And with VERY LOUD ACID ROCK MOOSIC !

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    I've wondered, at times, why chucks don't have a lifting eye threaded hole...?

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    Quote Originally Posted by GregSY View Post
    I've wondered, at times, why chucks don't have a lifting eye threaded hole...?
    Some do, some dont

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    Thanks for the C frame chuck hook idea, I need to add a small crane setup for my lathes to get work in/out, and for lifting chucks.

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    Quote Originally Posted by digger doug View Post
    What, no u-tube video ?

    And with VERY LOUD ACID ROCK MOOSIC !
    It's Freedom Rock! And turn it up man!
    YouTube

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    Quote Originally Posted by Mtndew View Post
    It's Freedom Rock! And turn it up man!
    YouTube
    Those were the best years of rock, its been downhill ever since

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    I've been using this for about 20 years. It's 3/4 rod. Will lift any chuck I have to 16" no problem.

    Cherry picker has got to be one of the worst inventions. Especially those fold up piles of shit that will lift nowhere near what they're rated for. Believe it or not, a Forklift takes up less room than a cherry picker and it's a million times more useful.
    Attached Thumbnails Attached Thumbnails chuck-lifter.jpg  

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    Had a setup very similar to that in one shop, the chuck frame was cut down from a paper? spool carrier and the engine hoist was modified to have low height front legs so it would run under the machine. Worked amazingly well for the 4th on the mill too.

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    A lot of people have expressed concern about the possibility of tipping. It's a legitimate concern and anyone who doesn't understand the reason should not attempt something like this. I thought I indicated an adequate awareness in the initial post.

    In using this set-up, if I needed to move the chuck to the other side of the shop, I would lower it within 6" of the ground. If the crane tipped, it wouldn't be a big deal. If it felt unstable, I would add counterweights.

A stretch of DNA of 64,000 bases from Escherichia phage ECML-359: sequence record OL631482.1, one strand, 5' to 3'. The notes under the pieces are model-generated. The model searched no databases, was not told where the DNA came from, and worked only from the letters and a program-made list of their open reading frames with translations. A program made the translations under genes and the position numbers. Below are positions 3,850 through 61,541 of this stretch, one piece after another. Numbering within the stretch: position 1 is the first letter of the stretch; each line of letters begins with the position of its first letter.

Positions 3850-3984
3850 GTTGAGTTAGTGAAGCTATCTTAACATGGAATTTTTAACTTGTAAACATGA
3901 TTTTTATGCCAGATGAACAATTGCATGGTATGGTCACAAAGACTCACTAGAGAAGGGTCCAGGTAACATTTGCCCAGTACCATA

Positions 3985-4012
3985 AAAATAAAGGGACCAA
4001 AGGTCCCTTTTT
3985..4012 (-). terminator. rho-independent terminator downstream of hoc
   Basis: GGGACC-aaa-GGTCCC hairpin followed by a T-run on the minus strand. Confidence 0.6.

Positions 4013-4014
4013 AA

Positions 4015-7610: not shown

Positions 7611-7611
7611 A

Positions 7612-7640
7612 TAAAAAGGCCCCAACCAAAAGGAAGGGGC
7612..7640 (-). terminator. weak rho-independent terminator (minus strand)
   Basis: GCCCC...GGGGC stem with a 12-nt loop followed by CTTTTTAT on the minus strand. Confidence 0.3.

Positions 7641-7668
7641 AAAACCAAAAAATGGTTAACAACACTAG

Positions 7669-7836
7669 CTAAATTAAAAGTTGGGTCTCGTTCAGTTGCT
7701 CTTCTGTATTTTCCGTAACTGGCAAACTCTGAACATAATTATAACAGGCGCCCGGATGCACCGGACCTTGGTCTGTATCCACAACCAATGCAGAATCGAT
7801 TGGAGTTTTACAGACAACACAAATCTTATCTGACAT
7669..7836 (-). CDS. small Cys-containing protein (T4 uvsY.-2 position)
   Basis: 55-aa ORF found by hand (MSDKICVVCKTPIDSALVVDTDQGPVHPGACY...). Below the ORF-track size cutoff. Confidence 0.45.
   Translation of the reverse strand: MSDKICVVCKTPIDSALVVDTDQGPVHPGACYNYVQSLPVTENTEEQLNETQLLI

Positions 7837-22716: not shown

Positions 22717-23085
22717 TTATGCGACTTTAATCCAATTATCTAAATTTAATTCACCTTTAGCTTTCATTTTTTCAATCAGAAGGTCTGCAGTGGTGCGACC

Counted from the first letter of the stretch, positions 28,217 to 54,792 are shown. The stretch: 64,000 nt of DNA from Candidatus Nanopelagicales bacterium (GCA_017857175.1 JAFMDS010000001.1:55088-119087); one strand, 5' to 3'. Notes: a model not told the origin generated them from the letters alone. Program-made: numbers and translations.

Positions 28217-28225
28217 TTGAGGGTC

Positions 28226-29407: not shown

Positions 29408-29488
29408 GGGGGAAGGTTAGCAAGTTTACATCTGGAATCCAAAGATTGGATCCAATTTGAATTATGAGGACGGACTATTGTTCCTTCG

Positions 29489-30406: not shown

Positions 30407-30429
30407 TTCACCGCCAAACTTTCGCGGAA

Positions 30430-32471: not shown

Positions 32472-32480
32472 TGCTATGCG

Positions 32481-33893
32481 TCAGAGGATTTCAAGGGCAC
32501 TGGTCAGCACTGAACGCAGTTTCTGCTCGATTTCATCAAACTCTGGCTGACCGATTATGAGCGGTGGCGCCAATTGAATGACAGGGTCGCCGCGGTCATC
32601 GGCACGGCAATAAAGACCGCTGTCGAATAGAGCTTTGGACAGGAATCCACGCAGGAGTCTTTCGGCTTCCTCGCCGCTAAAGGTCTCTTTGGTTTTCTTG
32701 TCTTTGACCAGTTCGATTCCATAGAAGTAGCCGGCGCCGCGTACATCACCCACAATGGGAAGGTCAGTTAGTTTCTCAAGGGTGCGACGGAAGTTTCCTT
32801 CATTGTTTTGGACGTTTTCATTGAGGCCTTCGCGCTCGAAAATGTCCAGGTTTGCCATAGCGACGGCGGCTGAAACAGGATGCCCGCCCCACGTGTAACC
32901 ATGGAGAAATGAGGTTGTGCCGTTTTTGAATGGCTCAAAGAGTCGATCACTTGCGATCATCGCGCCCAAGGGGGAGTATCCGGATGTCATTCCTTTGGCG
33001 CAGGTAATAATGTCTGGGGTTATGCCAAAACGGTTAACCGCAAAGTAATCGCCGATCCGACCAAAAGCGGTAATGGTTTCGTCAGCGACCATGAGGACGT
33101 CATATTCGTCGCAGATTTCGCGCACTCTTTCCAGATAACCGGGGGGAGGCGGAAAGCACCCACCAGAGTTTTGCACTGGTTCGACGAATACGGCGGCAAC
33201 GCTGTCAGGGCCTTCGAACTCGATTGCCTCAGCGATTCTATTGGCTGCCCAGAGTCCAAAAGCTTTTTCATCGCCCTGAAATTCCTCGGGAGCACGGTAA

Nearly every day, I use tools to do things different from the intended purposes of the tools. Sometimes it is because I need to accomplish a task now, and I don't want to wait a week for a new tool to arrive. Sometimes it is a one-time task that doesn't justify a new tool. Sometimes there just isn't a tool to buy for the particular job. I think this is true for most people here. This crane adaptation was made from scraps and took less than 2 hours of my time. I think the cost/benefit ratio is pretty good.

    Everything we do involves some sort of calculated risk, even if we are not conscious of it. If your use a pencil in an unsafe way, you can blind yourself.

    When I cautiously lifted my largest chuck (170#) for the first time, I tried lifting up on the back end of the crane to see if it would tip easily. With a lot of force from my legs, I could barely get the wheels off the ground. That seemed fine to me. I could easily add counterbalance, but that was my heaviest chuck, so it seems like overkill.

    Out of curiosity, I did a load test. The rear wheels of the crane begin to lift with a 450# load.

    img_1340.jpg

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    Quote Originally Posted by 4kinetic View Post
    Out of curiosity, I did a load test. The rear wheels of the crane begin to lift with a 450# load.
    Careful, 450 pounds is about where those bullshit pins for the fold up legs shear right off.

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    Unistrut and its associated trolley wheelsets are rated for about 400 lbs., with actual engineering data sheets available... Assuming the overhead structure can support that, of course.

    Hoyer patient lifts (for humans) are also good for about 400, and have smaller footprints and adjustable leg spread to get around things. Got mine for $50 off CL.